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Why No Muslim Condemnation of Timor Violence?
FAMIGLIA CHRISTIANA, Sept. 24—In an interview with the Italian magazine, a leading Vatican official questioned why Muslim leaders have not spoken out in condemnation of militia violence against the mostly Catholic population of East Timor.
Archbishop Jean-Louis Tauran, a deputy secretary of state in charge of foreign affairs, said Muslim silence on the fate of East Timor's Catholics contrasted with the church's defense of Muslim victims in the Balkans.
“It is sad to see that no Muslim religious leader has raised his voice to condemn the massacres and the destruction [in East Timor], while Pope John Paul II was a strenuous defender of human rights when the Muslims of Bosnia-Herzegovina and Kosovo found themselves in the same situation,” he told the Italian weekly Famiglia Cristiana in late September.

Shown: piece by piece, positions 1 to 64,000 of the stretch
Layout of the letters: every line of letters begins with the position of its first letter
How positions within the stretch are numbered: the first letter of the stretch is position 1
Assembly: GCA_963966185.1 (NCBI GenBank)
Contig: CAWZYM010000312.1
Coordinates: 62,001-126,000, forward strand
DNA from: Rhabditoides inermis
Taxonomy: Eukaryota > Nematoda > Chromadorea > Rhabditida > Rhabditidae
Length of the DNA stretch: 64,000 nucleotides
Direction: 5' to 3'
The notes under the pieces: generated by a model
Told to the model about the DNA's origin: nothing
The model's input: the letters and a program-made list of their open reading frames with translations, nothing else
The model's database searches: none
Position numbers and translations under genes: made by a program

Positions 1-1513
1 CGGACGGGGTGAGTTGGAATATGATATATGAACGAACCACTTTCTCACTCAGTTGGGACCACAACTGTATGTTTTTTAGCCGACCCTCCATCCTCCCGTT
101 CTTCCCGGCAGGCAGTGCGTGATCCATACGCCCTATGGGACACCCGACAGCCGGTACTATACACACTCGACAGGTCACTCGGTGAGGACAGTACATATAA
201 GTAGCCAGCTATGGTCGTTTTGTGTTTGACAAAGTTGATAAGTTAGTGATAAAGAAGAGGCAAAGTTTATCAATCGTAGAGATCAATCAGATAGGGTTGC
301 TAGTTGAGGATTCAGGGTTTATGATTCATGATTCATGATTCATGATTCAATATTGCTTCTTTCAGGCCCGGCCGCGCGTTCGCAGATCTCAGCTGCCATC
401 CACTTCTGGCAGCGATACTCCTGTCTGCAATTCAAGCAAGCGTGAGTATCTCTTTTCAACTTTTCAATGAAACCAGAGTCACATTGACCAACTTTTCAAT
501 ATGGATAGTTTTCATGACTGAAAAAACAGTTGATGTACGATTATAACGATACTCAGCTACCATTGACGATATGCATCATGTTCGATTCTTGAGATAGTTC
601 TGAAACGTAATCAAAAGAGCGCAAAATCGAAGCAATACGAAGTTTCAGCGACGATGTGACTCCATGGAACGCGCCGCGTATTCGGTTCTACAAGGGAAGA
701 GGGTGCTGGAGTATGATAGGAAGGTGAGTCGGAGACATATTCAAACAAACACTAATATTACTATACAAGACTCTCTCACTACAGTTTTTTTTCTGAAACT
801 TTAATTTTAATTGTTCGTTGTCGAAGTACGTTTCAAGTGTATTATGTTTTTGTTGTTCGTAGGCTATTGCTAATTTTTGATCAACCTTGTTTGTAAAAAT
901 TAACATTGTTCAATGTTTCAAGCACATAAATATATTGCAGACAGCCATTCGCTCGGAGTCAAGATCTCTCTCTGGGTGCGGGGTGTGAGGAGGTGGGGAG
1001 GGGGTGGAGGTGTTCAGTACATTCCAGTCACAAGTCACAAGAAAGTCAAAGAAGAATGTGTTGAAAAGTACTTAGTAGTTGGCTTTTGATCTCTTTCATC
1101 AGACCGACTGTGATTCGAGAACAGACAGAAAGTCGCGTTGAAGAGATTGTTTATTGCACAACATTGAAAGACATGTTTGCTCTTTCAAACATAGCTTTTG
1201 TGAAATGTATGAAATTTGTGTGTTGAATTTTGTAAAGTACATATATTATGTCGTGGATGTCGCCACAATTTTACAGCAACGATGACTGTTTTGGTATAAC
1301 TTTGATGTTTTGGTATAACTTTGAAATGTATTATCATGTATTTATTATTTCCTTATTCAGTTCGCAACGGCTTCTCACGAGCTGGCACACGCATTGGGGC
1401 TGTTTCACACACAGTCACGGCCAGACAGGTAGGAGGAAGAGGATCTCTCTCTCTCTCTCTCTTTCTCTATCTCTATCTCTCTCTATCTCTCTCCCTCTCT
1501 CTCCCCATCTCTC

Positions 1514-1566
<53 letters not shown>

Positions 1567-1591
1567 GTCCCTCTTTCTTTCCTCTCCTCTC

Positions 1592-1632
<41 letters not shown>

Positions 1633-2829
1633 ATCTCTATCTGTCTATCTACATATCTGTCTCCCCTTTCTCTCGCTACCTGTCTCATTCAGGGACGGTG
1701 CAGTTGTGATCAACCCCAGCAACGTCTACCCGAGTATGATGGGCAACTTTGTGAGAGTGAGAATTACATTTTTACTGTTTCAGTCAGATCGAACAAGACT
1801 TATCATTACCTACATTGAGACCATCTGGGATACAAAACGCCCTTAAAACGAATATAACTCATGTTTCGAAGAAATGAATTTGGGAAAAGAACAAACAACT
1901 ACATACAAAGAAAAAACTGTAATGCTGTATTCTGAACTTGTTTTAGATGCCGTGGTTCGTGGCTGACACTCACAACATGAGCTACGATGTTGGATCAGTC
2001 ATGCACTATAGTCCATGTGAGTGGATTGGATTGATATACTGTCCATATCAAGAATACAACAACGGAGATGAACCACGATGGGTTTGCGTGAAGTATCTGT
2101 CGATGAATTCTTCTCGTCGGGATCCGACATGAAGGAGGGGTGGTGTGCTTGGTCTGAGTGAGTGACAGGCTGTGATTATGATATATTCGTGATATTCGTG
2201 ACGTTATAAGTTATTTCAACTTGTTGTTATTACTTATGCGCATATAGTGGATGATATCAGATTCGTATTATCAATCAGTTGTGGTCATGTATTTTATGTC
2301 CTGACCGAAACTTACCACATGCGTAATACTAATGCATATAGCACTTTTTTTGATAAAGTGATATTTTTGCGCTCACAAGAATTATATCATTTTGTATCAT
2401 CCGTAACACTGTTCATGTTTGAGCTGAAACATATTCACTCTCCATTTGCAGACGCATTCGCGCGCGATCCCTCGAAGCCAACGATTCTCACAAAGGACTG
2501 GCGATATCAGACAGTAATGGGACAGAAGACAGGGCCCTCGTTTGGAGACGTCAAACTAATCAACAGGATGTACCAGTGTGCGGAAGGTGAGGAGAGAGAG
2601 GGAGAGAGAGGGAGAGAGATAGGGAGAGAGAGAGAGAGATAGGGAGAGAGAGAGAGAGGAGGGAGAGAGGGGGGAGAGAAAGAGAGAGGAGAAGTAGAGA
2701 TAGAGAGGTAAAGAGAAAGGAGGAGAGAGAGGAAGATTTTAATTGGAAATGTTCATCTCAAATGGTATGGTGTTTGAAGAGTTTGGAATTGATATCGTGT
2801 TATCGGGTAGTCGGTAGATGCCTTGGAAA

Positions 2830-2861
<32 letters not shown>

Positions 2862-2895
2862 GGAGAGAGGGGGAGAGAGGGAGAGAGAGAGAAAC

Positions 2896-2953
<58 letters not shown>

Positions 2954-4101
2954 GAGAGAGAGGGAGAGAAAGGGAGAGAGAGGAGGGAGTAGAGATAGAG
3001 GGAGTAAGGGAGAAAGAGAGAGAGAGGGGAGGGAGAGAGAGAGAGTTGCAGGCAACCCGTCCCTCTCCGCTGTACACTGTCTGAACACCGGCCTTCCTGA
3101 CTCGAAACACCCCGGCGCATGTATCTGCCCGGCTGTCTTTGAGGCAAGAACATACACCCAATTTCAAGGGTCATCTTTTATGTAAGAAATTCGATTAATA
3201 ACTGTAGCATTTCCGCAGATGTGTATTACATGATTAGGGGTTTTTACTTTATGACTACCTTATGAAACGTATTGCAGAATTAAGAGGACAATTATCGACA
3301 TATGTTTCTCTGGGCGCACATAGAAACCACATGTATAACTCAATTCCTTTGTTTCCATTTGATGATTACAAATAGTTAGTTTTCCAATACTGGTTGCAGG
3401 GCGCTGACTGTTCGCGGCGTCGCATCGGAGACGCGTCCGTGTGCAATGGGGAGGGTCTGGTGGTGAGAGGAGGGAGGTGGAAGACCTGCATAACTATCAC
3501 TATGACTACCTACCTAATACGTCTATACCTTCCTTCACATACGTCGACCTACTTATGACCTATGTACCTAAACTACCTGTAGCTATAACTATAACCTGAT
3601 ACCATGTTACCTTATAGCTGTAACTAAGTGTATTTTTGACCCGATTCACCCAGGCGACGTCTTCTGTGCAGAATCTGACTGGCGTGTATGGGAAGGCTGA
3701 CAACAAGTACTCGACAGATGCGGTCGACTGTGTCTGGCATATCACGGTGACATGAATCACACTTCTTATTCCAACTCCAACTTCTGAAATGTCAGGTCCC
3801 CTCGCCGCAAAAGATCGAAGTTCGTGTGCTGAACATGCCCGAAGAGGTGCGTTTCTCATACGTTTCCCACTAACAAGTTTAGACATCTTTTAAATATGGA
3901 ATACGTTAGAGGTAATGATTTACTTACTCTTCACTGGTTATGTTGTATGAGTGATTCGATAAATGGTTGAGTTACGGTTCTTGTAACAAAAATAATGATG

The archbishop said the violence in East Timor is the result of a political clash and does not represent a “religious war.” Nevertheless, he said, a worrisome religious element has surfaced. For example, fanatical Muslim groups have been among those perpetrating recent attacks against Catholic institutions, he said.
Archbishop Tauran expressed strong support for the United Nations decision to approve a multinational peacekeeping force in East Timor, but he said the process of authorizing and deploying such a force was too slow.
The international community needs to find “rapid mechanisms to prevent and resolve dramas of this dimension,” he said.
He said the Timor violence illustrated that the United Nations in particular needs to be equipped in a way that “makes it able to respond effectively to this type of situation.”